Jerry ‘The King’ Lawler Has a Heart Attack on Air

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Two weeks ago on Raw, WWE champ CM Punk wrestled announcer Jerry “The King” Lawler in a steel cage match. It seemed like a terrible idea. See, I grew up watching Lawler every Saturday morning on the CWA broadcast in Louisville. Back then, the WWF had all the glitz and glamour and comic-book mythologizing, and the NWA had the more realistic brawls and blood feuds. But the CWA, taping out of a tiny production studio in Memphis — if it wasn’t reality, it was the truth. Lawler was the beefy, mulletted megastar, always exciting the small studio crowds through his innumerable feuds with “Superstar” Bill Dundee, “Dirty” Dutch Mantell, and a procession of oddballs marched in to battle the King. Lawler routinely addressed the TV audience during cool conversations with announcer Lance Russell that made us feel like we knew him intimately. And when he started throwing punches, we felt like he was doing it to defend our honor.

But that was the 1980s. Lawler is 62 years old now, and he has long since retired into a life of color commentary. To the vast majority of wrestling fans, he’s better known as the lascivious counterpunch to Jim Ross’s chicken-fried play-by-play, or as the do-gooder yang to current commentator Michael Cole’s heelish yin. He has wrestled sporadically for WWE over the years, but mostly in exhibition-type matches to get the Memphis crowds riled up when WWE passes through, and occasionally in headline feuds when the abuse of an old man is part of the narrative. (He wrestles in indie shows most weekends.) Lawler’s ring style has never been the most physically demanding. He was a DJ and sometime artist who traded those skills to Memphis promoter Aubrey Griffith in exchange for a chance to be a wrestler. Lawler always clung to the theatrical, his offense revolving around increasingly dramatic punches topped off with a pile driver or fireball — and so seeing him in the ring doesn’t ring the same alarm bells as, say, powerbombing a 77-year-old woman through a table. (Which happened.) But if wrestling fans weren’t worried for Lawler’s health before he fought Punk, they were worried that the match would be lousy.

They were wrong. Punk and Lawler put on a hell of a show. It was Lawler’s best match in decades, and Punk went against the backstage rules and “bladed” — he cut open the top of his head — to boost the King’s mojo. The match harkened back to Lawler’s heyday and a cage match he fought in 1983 against Punk’s idol Randy Savage. If the blood loss was any indication, Punk’s reverence for the old Memphis act is assured. He beat Lawler, but he made Lawler look better than he has in years. For a few moments inside the cage, for the first time since he joined the WWF in 1992, there was the Jerry Lawler I had grown up with. It was exhilarating; it was touching; it was difficult to watch. It was exactly what pro wrestling is supposed to be.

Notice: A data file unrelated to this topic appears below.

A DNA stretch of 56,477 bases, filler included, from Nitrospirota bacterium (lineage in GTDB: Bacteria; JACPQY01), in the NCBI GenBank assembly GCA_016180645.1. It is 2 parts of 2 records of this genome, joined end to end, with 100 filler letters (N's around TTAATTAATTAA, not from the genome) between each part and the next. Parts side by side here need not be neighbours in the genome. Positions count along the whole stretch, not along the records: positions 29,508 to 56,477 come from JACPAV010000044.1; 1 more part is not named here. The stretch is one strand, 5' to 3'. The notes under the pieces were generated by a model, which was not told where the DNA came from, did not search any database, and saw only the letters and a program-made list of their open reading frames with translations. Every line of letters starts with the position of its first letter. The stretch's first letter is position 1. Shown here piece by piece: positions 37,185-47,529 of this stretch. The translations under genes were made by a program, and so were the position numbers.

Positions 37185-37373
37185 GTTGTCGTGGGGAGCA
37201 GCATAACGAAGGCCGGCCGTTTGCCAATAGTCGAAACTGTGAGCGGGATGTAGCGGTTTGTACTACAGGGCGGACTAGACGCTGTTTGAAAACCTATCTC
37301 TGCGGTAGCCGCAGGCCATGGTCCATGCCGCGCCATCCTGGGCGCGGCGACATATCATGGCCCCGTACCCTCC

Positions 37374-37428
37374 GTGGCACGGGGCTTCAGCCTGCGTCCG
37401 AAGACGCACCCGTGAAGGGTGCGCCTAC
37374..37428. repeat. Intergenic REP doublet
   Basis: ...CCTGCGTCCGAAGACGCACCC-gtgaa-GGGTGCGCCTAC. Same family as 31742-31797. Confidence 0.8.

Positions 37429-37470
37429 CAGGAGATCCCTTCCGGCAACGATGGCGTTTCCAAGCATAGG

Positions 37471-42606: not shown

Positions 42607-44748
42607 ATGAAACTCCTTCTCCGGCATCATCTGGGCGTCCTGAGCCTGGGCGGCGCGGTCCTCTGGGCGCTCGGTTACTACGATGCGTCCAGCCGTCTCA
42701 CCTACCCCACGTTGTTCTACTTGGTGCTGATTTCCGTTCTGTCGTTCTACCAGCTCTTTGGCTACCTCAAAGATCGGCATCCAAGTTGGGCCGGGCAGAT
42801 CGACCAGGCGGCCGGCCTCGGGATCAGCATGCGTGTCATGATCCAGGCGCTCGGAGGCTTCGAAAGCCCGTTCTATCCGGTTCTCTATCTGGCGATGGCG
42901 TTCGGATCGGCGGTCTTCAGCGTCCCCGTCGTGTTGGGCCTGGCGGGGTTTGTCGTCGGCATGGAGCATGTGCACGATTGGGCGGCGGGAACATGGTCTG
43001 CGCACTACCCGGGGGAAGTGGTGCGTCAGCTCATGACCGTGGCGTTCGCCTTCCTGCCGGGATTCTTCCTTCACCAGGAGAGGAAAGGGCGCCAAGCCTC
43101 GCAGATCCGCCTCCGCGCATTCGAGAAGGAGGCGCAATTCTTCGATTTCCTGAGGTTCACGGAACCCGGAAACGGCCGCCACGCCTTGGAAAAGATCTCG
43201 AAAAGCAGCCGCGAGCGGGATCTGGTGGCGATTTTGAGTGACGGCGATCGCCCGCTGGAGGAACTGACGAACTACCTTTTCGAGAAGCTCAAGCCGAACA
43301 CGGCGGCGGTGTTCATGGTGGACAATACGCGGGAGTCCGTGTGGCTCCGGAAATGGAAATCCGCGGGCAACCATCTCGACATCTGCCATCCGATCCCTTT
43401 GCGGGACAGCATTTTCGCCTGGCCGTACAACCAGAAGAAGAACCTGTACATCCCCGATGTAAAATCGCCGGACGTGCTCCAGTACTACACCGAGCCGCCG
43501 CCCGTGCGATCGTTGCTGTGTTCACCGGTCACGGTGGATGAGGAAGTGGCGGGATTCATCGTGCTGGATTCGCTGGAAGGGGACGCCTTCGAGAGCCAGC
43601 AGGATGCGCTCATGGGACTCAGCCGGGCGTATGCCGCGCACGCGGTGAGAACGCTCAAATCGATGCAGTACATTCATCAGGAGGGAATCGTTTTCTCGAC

Last night on WWE Raw, Jerry Lawler collapsed during the show. The latest news is that Lawler is alive and recovering at a Montreal hospital.

The show opened with Canadian legend Bret “Hit Man” Hart returning to a WWE ring in Montreal for the first time since the infamous Montreal Screwjob. Punk interrupted him, earning the ire of the crowd, and addressed Lawler, who was ringside at the commentary booth: “How are you feeling this week, Jerry?” he asked. Hart said that, unlike Punk, who walked out on a match last week, no matter what, Lawler “always showed up.”

Later in the night, good guy Randy Orton was getting double-teamed by Punk and Dolph Ziggler, and Lawler, unable to sit and watch, tossed off his headset and made the save. They brawled into the commercial break and then, when we came back, the four were in a formal tag team bout. Lawler got worked over in the match, but he was in the corner jumping for joy when Orton sealed the win for their team. After the match, he returned to the announcers’ desk, looking winded but hearty.

Later in the broadcast, when Kane and Daniel Bryan were facing The Prime Time Players, something happened. (You can see it here.) Lawler became quiet and appeared to be mumbling and Cole cut him off. Thirty seconds later you could hear heavy breathing over the microphone, and 6 seconds later a long snort. Five seconds after that, you could briefly see the desk, with Lawler gone and Cole doubled over, presumably trying to pick him up off the floor or lay him down onto it. Soon thereafter you can see the first fan stand up to watch, then a stray shot of Cole scooted way back from the desk area while, presumably, the medical staff tended to Lawler. Then, behind the ring, all the fans were on their feet and staring at the desk, and they began a subtle “King!” chant. You could vaguely make out guys working on Lawler. A minute later, there was a “Let’s go, Jerry!” chant — the telltale sign that he was being taken to the back. The story is that he was on a stretcher, his shirt ripped open.